The three identical satellites have a rather unusual shape: trapezoidal with a long boom that is deployed once they are in orbit. Their design is a result of overcoming a number of challenges in accommodating the instrument package, and, since they are launched together on a single rocket, they have to be compact enough to all fit into the launcher fairing.
Developed on behalf of ESA by an industrial consortium led by EADS Astrium GmbH, each satellite is about 9 m long, including the boom, with the surface at the front only measuring about 1 m2.
The boom, which accounts for almost half the length of the satellite, trails at the back. This is because the front surface is needed for the electric field instrument so that it can collect and measure the speed and direction of incident ions along the orbital path.
Apart from deployment of the boom, which happens soon after injection into orbit, the satellite has no moving parts. This ensures that there are no vibrations that could influence the measurements made by the accelerometer, which is fixed at the very centre of the satellite. Likewise the solar panels are fixed, forming the satellite ‘roof’.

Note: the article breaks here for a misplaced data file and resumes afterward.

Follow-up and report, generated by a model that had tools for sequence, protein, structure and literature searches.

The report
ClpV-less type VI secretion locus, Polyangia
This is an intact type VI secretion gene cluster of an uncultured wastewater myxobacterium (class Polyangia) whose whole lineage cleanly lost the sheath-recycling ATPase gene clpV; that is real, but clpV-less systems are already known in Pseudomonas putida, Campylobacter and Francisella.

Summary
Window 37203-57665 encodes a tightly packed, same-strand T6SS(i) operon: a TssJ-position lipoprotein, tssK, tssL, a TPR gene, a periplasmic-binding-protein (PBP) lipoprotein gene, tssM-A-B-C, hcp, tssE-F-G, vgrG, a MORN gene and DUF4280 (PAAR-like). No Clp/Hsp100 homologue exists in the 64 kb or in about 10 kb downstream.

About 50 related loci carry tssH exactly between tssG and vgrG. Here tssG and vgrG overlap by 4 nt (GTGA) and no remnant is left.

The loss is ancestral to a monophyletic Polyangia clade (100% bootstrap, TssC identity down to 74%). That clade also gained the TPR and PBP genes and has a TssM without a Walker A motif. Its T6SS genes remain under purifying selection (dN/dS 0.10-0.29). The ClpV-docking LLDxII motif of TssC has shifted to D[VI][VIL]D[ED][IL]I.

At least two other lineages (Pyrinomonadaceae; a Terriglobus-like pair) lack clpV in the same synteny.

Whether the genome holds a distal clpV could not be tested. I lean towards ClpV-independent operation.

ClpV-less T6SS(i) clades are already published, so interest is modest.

Magnetic cleanliness is of paramount importance to the mission, hence the sensitive scalar magnetometers are mounted at the end of the boom, far away from any magnetic disturbance the electrical units on the body may cause. The optical bench holding the vector field magnetometer and the three startrackers is mounted halfway along the boom.
Throughout the design and manufacturing phases, magnetic cleanliness has been a priority, with many tests carried out on almost every unit and final testing of the assembled satellite taking place in a special facility.